As I go out birding this weekend, the scorching sun and almost corporeal humidity causing the sweat on my body to mix with fragrant smelling insect spray that I doused myself with before I left home to prevent the killer mosquitoes from sucking out all of my blood while somehow attracting every commakazi deer fly on the planet to fly into my ear all in the pursuit of photographing the same four species of birds which I have photographed every one of the last 37 birding trips, I long for those wonderful days of the spring migration.
This spring was a magical time were warblers could be spotted on almost every branch and behind every leaf like a page out of a fairy tail. Most of the warblers continued north in the spring but a few types spend their summer in the area. Like this yellow warbler that I photographed at the Old cedar Ave Bridge back in the middle of June.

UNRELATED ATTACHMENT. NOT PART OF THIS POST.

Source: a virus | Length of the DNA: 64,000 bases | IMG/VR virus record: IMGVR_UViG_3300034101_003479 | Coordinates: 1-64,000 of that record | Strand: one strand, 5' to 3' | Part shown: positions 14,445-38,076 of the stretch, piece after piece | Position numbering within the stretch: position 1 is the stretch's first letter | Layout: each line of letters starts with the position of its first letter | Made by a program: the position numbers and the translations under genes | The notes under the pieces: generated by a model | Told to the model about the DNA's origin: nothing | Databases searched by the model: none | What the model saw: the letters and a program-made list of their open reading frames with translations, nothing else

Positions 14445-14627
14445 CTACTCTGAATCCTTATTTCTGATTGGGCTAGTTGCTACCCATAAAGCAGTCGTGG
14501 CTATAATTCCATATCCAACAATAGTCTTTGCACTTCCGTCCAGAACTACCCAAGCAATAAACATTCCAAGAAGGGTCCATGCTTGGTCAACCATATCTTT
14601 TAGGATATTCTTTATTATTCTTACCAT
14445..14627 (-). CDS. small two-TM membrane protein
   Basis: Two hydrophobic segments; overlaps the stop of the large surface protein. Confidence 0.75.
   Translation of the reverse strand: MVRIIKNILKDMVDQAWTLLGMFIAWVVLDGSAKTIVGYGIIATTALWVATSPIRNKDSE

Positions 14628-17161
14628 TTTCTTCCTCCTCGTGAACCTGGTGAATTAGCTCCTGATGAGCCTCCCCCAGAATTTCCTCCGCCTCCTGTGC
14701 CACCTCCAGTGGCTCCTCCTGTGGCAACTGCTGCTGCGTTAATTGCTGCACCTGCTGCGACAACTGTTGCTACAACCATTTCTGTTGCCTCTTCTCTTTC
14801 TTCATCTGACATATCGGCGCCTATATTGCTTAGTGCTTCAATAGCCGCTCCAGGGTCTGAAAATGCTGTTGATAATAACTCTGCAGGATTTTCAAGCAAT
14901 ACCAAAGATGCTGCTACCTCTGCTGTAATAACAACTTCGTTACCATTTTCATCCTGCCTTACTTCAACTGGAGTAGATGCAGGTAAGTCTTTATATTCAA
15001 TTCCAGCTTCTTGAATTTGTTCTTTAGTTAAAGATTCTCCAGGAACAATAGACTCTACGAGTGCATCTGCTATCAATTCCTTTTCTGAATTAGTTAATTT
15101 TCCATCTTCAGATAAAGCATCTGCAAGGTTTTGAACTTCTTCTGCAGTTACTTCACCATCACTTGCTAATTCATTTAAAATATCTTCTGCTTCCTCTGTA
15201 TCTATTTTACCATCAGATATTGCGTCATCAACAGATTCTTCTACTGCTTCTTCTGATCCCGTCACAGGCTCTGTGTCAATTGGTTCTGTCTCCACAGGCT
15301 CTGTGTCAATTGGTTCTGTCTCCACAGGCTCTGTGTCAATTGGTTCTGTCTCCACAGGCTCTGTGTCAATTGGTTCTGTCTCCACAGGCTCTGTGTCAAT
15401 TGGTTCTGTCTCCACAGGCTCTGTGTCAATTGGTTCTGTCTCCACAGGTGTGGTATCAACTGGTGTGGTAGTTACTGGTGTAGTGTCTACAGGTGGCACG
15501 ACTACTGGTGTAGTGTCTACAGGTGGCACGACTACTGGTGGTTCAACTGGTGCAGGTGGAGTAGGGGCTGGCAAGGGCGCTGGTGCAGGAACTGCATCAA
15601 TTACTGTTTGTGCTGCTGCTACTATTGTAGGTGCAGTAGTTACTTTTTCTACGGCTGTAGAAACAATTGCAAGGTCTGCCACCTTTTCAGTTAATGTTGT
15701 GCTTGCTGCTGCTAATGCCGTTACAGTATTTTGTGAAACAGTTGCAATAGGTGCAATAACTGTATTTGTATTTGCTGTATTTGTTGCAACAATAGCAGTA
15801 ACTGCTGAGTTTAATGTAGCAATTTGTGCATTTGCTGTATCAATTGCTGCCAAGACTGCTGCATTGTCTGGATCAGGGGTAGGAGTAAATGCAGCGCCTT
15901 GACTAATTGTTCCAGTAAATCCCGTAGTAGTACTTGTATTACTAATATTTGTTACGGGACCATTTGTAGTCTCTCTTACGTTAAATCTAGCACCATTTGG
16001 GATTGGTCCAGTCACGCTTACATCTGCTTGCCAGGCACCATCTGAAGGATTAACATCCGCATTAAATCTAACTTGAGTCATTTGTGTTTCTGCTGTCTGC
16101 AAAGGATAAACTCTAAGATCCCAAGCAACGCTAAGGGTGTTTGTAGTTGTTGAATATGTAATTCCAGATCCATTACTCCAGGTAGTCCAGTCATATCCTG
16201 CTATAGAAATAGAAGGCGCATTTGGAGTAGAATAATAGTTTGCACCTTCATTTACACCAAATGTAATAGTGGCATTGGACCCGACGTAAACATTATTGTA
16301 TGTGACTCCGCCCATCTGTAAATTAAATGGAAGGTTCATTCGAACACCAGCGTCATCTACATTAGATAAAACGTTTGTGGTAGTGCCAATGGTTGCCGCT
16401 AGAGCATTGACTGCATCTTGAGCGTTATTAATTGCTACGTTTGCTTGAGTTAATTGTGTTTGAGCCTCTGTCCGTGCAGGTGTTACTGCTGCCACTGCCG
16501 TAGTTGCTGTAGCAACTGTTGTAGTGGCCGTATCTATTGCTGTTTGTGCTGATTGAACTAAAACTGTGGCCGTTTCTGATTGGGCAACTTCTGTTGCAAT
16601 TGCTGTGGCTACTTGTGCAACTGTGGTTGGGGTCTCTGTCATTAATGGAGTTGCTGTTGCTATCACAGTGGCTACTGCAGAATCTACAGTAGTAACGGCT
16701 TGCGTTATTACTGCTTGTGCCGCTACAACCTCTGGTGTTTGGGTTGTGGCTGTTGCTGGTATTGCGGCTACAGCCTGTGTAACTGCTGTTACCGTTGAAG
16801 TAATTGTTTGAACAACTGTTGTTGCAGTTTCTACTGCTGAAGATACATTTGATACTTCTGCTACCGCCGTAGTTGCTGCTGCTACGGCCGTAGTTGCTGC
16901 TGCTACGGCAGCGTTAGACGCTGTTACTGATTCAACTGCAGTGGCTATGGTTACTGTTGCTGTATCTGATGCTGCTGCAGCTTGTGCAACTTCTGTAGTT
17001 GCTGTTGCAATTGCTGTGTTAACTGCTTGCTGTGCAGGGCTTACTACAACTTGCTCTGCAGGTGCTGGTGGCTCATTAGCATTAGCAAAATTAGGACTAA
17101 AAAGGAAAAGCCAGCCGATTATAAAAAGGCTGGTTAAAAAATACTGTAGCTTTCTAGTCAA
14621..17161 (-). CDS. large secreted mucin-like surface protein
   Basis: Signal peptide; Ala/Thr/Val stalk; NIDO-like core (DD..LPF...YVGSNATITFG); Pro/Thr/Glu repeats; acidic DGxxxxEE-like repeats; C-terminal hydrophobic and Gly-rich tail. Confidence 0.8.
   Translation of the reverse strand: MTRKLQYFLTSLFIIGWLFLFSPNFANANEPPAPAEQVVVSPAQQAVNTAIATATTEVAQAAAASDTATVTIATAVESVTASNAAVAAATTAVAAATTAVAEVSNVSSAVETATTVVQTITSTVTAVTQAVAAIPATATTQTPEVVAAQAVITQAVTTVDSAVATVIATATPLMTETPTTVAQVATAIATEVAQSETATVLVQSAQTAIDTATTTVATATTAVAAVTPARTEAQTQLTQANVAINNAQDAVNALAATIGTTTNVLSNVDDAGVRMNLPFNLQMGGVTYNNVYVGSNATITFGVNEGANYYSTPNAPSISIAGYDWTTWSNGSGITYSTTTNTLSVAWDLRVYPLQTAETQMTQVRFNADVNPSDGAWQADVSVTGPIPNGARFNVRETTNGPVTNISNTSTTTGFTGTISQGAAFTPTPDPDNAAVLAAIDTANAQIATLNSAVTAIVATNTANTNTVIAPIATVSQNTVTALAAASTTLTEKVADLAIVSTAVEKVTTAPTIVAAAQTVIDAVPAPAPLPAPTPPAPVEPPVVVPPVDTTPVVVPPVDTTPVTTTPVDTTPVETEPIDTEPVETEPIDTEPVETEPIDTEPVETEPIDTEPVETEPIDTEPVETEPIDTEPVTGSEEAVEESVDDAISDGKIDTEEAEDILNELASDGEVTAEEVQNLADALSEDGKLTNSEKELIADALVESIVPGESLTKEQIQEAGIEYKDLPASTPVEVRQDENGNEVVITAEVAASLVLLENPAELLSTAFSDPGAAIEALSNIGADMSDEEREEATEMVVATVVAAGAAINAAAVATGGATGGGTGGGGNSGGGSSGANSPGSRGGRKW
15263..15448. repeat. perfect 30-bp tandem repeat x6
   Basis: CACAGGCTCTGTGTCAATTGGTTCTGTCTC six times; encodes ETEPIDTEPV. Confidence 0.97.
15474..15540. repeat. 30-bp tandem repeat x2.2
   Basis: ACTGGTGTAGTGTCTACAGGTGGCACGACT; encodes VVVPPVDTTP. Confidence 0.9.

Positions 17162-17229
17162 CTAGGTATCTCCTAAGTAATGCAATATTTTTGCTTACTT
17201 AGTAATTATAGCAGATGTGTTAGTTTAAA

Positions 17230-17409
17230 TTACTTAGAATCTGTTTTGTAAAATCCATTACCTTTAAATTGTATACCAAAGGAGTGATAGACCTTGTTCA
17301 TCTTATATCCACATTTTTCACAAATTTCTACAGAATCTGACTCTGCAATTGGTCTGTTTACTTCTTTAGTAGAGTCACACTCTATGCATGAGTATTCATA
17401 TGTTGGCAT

So as I lug 25 pounds of photographic equipment through swamps rampant with disease ridden ticks to try and get a bigfoot photo of a bird that is not the same as the past 2501 that I have photographed. It could be worse. It could be -30 below with a -75 below wind chill and ten feet of snow. It is important to enjoy the moment at hand because, with reports of warblers beginning to migrate back south, winter will be here soon.